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# Lecture 07 - PowerPoint PPT Presentation

Lecture 07. 13/12/2011 Shai Avidan. הבהרה: החומר המחייב הוא החומר הנלמד בכיתה ולא זה המופיע / לא מופיע במצגת. . Today. SIFT Recognition by Alignment. SIFT. Main questions. Where will the interest points come from? What are salient features that we ’ ll detect in multiple views?

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### Lecture 07

13/12/2011

ShaiAvidan

הבהרה: החומר המחייב הוא החומר הנלמד בכיתה ולא זה המופיע / לא מופיע במצגת.

• SIFT

• Recognition by Alignment

• Where will the interest points come from?

• What are salient features that we’ll detect in multiple views?

• How to describe a local region?

• How to establish correspondences, i.e., compute matches?

Given:two images of the same scene with a large scale difference between them

Goal:find the same interest points independently in each image

Solution: search for maxima of suitable functions in scale and in space (over the image)

Detect maxima of difference-of-Gaussian (DoG) in scale space

Then reject points with low contrast (threshold)

Eliminate edge responses

Candidate keypoints: list of (x,y,σ)

Example of keypoint detection

• (a) 233x189 image

• (b) 832 DOG extrema

• (c) 729 left after peak

• value threshold

• (d) 536 left after testing

• ratio of principle

• curvatures (removing edge responses)

• Where will the interest points come from?

• What are salient features that we’ll detect in multiple views?

• How to describe a local region?

• How to establish correspondences, i.e., compute matches?

• Simplest descriptor: list of intensities within a patch.

• What is this going to be invariant to?

2

0

Feature descriptors

• Disadvantage of patches as descriptors:

• Small shifts can affect matching score a lot

• Solution: histograms

Source: Lana Lazebnik

• Scale Invariant Feature Transform

• Descriptor computation:

• Divide patch into 4x4 sub-patches: 16 cells

• Compute histogram of gradient orientations (8 reference angles) for all pixels inside each sub-patch

• Resulting descriptor: 4x4x8 = 128 dimensions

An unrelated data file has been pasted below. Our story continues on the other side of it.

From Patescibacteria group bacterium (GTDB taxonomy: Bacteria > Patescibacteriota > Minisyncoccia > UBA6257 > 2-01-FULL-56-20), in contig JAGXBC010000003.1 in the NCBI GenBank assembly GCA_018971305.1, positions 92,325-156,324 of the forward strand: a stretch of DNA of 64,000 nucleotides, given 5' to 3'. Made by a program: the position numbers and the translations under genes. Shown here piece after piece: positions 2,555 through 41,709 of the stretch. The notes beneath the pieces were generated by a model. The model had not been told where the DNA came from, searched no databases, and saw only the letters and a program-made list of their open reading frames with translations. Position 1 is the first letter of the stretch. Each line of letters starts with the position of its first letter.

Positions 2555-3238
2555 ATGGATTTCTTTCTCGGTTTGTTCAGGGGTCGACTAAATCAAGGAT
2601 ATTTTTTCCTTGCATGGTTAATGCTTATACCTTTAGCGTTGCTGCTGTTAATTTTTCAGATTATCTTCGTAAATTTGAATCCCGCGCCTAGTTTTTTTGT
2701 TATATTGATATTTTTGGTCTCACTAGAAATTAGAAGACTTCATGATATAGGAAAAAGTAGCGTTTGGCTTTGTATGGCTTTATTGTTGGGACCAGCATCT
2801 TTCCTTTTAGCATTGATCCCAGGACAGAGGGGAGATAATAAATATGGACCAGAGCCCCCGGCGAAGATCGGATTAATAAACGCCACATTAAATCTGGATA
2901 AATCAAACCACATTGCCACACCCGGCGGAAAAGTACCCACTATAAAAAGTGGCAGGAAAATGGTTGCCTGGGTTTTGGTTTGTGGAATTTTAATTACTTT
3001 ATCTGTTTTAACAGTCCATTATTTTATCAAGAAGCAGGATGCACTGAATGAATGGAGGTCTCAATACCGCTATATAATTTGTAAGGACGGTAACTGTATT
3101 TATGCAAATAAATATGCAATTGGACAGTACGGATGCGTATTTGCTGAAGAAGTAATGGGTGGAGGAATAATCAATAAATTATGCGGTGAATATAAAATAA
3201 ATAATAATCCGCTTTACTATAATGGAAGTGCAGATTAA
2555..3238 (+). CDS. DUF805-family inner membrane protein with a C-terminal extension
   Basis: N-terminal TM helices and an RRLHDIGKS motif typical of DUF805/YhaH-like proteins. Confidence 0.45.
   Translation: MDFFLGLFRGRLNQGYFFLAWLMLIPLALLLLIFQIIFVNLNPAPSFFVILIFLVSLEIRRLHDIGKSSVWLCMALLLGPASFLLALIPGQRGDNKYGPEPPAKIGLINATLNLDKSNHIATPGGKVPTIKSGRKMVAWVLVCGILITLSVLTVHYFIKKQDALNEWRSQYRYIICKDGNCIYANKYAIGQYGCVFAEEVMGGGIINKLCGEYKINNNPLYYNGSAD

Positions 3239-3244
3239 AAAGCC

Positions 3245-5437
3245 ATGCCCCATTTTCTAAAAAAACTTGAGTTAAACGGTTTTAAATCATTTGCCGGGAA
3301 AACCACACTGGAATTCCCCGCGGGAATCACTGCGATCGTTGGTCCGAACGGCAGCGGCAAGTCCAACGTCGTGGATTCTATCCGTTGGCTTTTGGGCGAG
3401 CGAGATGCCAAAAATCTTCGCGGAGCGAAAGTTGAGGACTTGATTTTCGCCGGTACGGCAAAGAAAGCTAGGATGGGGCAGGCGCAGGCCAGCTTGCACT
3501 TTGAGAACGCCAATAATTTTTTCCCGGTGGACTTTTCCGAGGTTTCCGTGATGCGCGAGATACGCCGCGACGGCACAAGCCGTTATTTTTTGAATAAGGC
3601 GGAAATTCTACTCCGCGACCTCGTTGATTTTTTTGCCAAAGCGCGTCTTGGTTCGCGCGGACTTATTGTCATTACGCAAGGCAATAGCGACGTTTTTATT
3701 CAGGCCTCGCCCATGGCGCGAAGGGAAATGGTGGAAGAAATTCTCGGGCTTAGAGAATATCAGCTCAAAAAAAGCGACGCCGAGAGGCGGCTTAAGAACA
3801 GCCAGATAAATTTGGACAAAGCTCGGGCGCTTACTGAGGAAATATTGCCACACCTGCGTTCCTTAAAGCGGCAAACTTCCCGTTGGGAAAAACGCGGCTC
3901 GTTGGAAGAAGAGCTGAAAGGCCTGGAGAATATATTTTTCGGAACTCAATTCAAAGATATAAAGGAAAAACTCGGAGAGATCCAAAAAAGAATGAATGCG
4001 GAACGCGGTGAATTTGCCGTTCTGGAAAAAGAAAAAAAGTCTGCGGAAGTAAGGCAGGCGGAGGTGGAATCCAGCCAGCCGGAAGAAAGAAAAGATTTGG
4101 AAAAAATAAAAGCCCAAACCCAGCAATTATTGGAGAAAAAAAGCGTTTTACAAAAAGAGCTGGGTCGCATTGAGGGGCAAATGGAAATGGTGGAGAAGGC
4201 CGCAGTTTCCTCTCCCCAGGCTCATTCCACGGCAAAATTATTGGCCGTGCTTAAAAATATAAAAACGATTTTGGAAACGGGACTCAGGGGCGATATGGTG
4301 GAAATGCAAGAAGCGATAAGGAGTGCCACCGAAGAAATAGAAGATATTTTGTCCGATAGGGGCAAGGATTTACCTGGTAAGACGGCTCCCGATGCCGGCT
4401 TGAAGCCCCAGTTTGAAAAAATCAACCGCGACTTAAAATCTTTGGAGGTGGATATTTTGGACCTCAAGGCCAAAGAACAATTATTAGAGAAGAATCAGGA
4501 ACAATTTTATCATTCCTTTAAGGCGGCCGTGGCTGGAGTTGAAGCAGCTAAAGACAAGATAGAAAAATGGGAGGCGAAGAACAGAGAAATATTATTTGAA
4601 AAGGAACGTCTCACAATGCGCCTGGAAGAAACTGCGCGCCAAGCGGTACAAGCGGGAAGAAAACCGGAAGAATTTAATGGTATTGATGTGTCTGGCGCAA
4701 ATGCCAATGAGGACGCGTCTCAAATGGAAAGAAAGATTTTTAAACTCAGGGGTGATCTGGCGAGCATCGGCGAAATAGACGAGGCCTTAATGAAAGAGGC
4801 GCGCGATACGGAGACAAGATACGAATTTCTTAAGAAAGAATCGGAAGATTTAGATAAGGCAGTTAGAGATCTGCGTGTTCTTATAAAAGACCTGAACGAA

David G. Lowe. "Distinctive image features from scale-invariant keypoints.”IJCV 60 (2), pp. 91-110, 2004.

Source: Lana Lazebnik

• Where will the interest points come from?

• What are salient features that we’ll detect in multiple views?

• How to describe a local region?

• How to establish correspondences, i.e., compute matches?

• Nearest Neighbor algorithm based on L2 distance

• Threshold on L2 => bad performance

• Solution: threshold on ratio

• Extraordinarily robust matching technique

• Can handle changes in viewpoint

• Up to about 60 degree out of plane rotation

• Can handle significant changes in illumination

• Sometimes even day vs. night (below)

• Fast and efficient—can run in real time

• Lots of code available

Steve Seitz

• One image yields:

• n 128-dimensional descriptors: each one is a histogram of the gradient orientations within a patch

• [n x 128 matrix]

• n scale parameters specifying the size of each patch

• [n x 1 vector]

• n orientation parameters specifying the angle of the patch

• [n x 1 vector]

• n 2d points giving positions of the patches

• [n x 2 matrix]

• Image content is transformed into local features that are invariant to translation, rotation, and scale

• Goal: Verify if they belong to a consistent configuration

Local Features, e.g. SIFT

K. Grauman, B. Leibe

Slide credit: David Lowe

• Global spatial models

• Generalized Hough Transform [Lowe99]

• RANSAC [Obdrzalek02, Chum05, Nister06]

• Basic assumption: object is planar

• Assumption is often justified in practice

• Valid for many structures on buildings

• Sufficient for small viewpoint variations on 3D objects

K. Grauman, B. Leibe